and Bran was suddenly afraid. Old sour-smelling Yoren looked up at Robb, unimpressed. “Whatever you say, m’lord,” he said. He sucked at a piece of meat between his teeth. The youngest of the black brothers shifted uncomfortably in his seat. “There’s not a man on the Wall knows the haunted forest better than Benjen Stark. He’ll find his way back.” “Well,” said Yoren, “maybe he will and maybe he won’t. Good men have gone into those woods before, and never come out.” All Bran could think of was Old Nan’s story of the Others and the last hero, hounded through the white woods by dead men and spiders big as hounds. He was afraid for a moment, until he remembered how that story ended. “The children will help him,” he blurted, “the children of the forest!” Theon Greyjoy sniggered, and Maester Luwin said, “Bran, the children of the forest have been dead and gone for thousands of years. All that is left of them are the faces in the trees.” “Down here, might be that’s true, Maester,” Yoren said, “but up past the Wall, who’s to say? Up there, a man can’t always tell what’s alive and what’s dead.” That night, after the plates had been cleared, Robb carried Bran up to bed himself. Grey Wind led the way, and Summer came close behind. His brother was strong for his age, and Bran was as light as a bundle of rags, but the stairs were steep and dark, and Robb was breathing hard by the time they reached the top. He put Bran into bed, covered him with blankets, and blew out the candle. For a time Robb sat beside him in the dark. Bran wanted to talk to him, but he did not know what to say. “We’ll find a horse for you, I promise,” Robb whispered at last. “Are they ever coming back?” Bran asked him. “Yes,” Robb said with such hope in his voice that Bran knew he was hearing his brother and not just Robb the Lord. “Mother will be home soon. Maybe we can ride out to meet her when she comes. Wouldn’t that surprise her, to see you ahorse?” Even in the dark room, Bran could feel his brother’s smile. “And afterward, we’ll ride north to see the Wall. We won’t even tell Jon we’re coming, we’ll just be there one day, you and me. It will be an adventure.” “An adventure,” Bran repeated wistfully. He heard his brother sob. The room was so dark he could not see the tears on Robb’s face, so he reached out and found his hand. Their fingers twined together. EDDARD “Lord Arryn’s death was a great sadness for all of us, my lord,” Grand Maester Pycelle said.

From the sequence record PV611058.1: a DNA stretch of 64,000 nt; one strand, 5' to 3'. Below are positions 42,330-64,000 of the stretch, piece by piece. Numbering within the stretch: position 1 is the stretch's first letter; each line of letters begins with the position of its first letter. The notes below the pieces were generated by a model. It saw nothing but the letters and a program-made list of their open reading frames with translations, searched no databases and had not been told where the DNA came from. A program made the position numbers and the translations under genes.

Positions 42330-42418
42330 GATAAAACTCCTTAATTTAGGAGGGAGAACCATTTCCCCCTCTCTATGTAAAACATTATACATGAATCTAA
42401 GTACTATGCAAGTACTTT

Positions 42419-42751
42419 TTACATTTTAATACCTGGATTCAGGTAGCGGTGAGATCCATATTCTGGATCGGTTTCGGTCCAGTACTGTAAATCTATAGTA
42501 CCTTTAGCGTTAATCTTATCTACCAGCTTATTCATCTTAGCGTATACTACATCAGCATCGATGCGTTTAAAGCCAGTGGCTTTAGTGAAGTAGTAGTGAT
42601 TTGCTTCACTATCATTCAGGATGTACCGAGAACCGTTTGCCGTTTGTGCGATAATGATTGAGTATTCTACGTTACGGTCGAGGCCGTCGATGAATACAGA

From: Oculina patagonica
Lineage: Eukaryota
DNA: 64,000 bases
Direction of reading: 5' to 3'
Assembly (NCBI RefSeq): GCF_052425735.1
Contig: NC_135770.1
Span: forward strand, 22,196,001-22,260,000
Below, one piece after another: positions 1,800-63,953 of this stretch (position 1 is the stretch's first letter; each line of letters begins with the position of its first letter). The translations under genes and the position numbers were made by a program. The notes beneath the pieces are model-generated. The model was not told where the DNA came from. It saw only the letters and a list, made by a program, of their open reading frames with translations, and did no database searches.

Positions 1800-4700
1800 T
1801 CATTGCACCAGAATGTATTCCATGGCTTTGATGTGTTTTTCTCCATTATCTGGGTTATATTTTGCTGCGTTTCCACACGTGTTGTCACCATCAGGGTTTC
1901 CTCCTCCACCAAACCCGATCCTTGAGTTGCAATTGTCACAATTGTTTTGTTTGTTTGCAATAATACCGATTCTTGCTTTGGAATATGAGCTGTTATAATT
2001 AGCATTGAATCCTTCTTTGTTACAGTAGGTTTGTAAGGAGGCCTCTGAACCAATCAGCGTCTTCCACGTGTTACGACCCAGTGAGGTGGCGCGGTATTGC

George R.R. Martin (A Game of Thrones (A Song of Ice and Fire, #1))